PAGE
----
The greatest danger is not in the repetition of a prolonged confrontation between two superpowers, but in the ability of both parties to avoid sliding toward a hot war due to the careless attitude of their leaders.
And let us hope it does not become a hot war. Many do not even want to utter the word to prevent it from becoming a self-fulfilling prophecy, as if mentioning it could summon it. Although it does not resemble the first Cold War, the feud between Washington and Beijing, the military and verbal escalation around hegemony in Asia, and the polarization between democracy and authoritarianism have already established the notion among us.
John Lewis Gaddis, a history professor at Yale University and probably the greatest scholar of that period in history, has no doubts: “It’s no longer debatable that the United States and China, tacit allies during the last half of the last Cold War, are entering their own new cold war.”* He talks about this in Foreign Affairs, the most senior publication about international relations, which devotes its November issue to this new divided world, more dominated by gloom than by the relief of finally having located the enemy for the new era.
Henry Kissinger, the architect of the four-decade-long alliance with China, already warned about this danger 10 years ago, when he pointed out that “A cold war between the two countries would arrest progress for a generation on both sides of the Pacific”* (On China). For the time being, while relations between the two superpowers are about to become a zero-sum game, just as Kissinger feared, this is not the case yet for the supply chain, despite the tariffs that were imposed by Donald Trump and kept by Joe Biden.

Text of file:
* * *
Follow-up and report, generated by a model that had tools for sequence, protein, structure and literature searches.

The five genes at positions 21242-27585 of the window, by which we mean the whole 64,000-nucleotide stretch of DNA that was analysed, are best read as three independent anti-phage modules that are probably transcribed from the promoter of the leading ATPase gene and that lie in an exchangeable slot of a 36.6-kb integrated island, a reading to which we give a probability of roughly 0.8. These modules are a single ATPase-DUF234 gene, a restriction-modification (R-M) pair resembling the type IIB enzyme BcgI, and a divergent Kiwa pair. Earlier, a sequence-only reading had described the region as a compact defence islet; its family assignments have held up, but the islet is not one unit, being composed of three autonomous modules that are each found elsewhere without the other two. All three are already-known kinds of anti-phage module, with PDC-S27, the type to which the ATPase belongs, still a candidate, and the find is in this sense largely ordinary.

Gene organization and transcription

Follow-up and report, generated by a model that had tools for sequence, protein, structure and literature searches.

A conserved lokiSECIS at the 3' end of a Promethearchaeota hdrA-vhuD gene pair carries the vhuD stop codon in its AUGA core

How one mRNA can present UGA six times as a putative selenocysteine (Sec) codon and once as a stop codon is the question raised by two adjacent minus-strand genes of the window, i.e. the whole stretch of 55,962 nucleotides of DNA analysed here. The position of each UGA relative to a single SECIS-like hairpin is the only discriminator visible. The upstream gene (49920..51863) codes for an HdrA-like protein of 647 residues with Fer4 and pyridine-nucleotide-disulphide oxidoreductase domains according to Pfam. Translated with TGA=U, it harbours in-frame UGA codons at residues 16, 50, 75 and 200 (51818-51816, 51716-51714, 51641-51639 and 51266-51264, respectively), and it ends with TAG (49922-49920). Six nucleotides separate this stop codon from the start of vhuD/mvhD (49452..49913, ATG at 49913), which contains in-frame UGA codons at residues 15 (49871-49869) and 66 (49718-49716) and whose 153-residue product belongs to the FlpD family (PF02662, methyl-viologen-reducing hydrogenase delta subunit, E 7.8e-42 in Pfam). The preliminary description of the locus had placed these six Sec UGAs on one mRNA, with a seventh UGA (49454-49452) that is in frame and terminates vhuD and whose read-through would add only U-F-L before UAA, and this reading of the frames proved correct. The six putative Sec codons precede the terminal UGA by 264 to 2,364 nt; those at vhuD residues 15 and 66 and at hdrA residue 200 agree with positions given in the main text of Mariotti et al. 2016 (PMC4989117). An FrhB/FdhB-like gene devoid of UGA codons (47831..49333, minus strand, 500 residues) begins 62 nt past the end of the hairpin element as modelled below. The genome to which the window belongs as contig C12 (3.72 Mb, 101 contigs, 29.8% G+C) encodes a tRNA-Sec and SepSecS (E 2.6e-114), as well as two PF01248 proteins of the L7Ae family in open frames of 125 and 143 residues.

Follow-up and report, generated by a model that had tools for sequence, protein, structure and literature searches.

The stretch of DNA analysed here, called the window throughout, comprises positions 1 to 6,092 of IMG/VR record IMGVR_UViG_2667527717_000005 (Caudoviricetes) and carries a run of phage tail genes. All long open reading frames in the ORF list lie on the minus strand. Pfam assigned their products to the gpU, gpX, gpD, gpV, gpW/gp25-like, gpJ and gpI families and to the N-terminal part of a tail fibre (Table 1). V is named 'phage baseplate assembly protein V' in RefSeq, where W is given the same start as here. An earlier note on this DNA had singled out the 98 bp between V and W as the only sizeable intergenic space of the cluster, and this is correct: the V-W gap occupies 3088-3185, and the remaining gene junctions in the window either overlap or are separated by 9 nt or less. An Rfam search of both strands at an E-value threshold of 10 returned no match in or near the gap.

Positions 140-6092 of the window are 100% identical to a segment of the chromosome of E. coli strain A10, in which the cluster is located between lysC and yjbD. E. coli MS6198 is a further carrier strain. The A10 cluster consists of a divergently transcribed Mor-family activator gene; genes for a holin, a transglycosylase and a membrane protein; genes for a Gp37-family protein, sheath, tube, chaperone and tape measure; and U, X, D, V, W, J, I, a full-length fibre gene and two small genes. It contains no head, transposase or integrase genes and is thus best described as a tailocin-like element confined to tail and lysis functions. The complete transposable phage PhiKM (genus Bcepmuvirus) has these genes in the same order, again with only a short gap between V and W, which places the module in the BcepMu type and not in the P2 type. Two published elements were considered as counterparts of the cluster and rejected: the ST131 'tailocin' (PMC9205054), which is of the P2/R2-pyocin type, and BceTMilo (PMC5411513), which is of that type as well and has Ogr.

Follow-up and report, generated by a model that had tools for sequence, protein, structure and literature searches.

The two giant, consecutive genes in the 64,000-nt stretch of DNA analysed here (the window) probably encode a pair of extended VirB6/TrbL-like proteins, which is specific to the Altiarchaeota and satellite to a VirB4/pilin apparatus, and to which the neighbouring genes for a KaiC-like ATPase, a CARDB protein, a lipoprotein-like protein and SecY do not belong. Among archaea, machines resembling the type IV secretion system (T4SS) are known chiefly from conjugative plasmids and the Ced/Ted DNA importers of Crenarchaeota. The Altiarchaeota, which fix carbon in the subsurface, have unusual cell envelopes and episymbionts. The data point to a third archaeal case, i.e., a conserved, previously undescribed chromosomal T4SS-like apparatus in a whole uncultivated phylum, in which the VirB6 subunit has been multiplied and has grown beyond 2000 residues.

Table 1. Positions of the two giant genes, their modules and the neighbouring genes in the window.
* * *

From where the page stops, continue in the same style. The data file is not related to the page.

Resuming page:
Washington is not willing to abandon its interests and allies in Asia only to kindly surrender global hegemony to Beijing. Meanwhile, the Chinese regime has a clear strategy to become a superpower on par with the mid-century United States, with armed forces at the same level and a globalization project with a Chinese mold, distinct from Western civilization.
The greatest danger is not in the repetition of a prolonged confrontation between two superpowers with their own value systems and social patterns — as occurred between the United States and the Soviet Union — but in the ability of both parties to avoid sliding toward a hot war due to the careless attitude of leaders, as in World War I.
The arms race in Asia, China’s progress in artificial intelligence, the expansion of its nuclear arsenal, hypersonic missile testing and the growing scope of its armed forces — particularly the maritime wing — together with the prickly dispute regarding Taiwan’s status, are far from reassuring data.
It may not be a hot war exactly, but all that remains now is that somebody stumble across the label it deserves, as when George Orwell used it for the first time to refer to “a peace that is no peace” established between Washington and Moscow after 1945.
*Editor’s Note: These quotes, though accurately translated, could not be verified.
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